Once Hagar conceived, scripture says she looked on Sarah with contempt. Sarah forced her to get pregnant. I think contempt is the natural outcome of forcing a person into a pregnancy they never asked for. And to make matters worse, Sarah began mistreating her. Sarah's fix did not make the situation better, but rather made it much worse. That's how it goes when we try to take over for God. We make everything much worse. Instead of listening to God, trusting in what God told Sarah would happen, she involved an innocent woman, hurt her, used her body and then kicked her out because it didn't solve her problem.
Hagar ran into the wilderness. She was pregnant, single, desperate and trying to figure out how she could survive alone. The angel of the Lord found her by a well. It's here we see God's heart for the broken, the cast out, the marginalized in society. The angel of the Lord saw Hagar, heard her cry out, and paid attention to her pain. He didn't minimize what she went through. He didn't tell her to get over it and do her job. He didn't tell her that it would be ok, because it wouldn't. Instead, he gave her, a slave woman, a promise. He promised that she would have a son and her descendants would become a nation. Ishmael is the first child given a name prior to birth and that name means “God hears.” God took time to listen to this lowly slave woman. He took time to listen to the woman who had been cast out of his covenant family. He listened to her and he instilled value into her.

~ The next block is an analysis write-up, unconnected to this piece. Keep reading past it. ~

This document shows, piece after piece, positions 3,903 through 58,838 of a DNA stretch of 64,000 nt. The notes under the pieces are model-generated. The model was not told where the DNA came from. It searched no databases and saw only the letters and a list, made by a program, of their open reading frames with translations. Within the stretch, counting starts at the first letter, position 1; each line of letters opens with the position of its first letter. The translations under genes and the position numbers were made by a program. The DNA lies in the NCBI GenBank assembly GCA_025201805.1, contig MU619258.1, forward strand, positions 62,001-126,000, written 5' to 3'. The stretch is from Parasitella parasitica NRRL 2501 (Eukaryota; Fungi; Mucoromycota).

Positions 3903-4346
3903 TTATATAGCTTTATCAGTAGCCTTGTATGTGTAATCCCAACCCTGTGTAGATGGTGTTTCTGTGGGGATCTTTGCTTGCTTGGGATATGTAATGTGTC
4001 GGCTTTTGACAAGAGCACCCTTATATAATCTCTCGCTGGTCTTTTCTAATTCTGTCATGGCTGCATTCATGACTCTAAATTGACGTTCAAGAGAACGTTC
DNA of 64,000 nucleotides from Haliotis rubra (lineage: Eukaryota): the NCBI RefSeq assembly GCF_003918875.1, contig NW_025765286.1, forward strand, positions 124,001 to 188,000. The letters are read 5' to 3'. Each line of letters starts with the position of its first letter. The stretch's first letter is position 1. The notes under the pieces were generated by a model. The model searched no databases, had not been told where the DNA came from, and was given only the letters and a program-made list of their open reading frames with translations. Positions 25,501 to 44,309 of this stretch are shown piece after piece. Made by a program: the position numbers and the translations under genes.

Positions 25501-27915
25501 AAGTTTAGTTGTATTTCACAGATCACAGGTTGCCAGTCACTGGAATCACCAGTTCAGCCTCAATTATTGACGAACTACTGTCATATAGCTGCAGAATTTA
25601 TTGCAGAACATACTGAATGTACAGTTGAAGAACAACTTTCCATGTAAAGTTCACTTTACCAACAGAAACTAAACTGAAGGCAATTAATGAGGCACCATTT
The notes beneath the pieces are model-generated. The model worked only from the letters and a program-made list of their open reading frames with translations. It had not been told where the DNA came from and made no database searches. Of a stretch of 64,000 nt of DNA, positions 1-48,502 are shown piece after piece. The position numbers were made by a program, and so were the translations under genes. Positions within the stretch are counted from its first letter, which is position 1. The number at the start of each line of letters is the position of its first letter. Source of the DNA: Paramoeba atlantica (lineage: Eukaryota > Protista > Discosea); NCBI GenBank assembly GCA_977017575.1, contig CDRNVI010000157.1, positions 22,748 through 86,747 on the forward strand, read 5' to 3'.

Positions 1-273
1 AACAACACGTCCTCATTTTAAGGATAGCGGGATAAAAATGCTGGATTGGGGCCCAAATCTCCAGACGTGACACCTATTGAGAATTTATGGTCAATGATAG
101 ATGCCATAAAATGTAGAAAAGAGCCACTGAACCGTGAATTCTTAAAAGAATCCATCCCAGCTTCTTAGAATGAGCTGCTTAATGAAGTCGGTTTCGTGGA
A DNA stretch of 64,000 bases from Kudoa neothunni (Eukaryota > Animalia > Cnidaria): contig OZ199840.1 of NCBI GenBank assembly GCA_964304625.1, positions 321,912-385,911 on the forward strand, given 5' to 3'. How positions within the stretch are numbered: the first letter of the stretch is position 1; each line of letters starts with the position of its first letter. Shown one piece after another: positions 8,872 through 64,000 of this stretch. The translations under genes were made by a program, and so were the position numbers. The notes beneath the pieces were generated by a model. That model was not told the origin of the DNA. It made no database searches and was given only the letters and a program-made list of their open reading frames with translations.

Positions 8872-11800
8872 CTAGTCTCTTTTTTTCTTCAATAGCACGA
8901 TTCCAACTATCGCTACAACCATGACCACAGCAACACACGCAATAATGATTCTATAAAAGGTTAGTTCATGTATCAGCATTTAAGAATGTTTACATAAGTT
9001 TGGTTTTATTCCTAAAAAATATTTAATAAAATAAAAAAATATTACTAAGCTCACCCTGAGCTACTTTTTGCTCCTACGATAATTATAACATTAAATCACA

And then Hagar names God. She calls him El Roi, the God who sees me. God, the almighty, omniscient God we serve, who has his hand on the whole world, had a conversation with this slave woman, saw this slave woman and loved her. It's easy to understand that God is the God of this world, sovereign over everything. We learn He's Got the Whole World in His Hands at a young age. But to think that not only is God over the whole world, seeing everything that goes on, he sees me. He sees you. He looked through the whole world, and went to visit a lowly, pregnant slave woman who'd run away from her mistress. He saw her pain and he had compassion on her. His promise made to her gave her the strength to go back and endure whatever would happen with Abraham and Sarah. God loved Hagar and he loved her child she was carrying.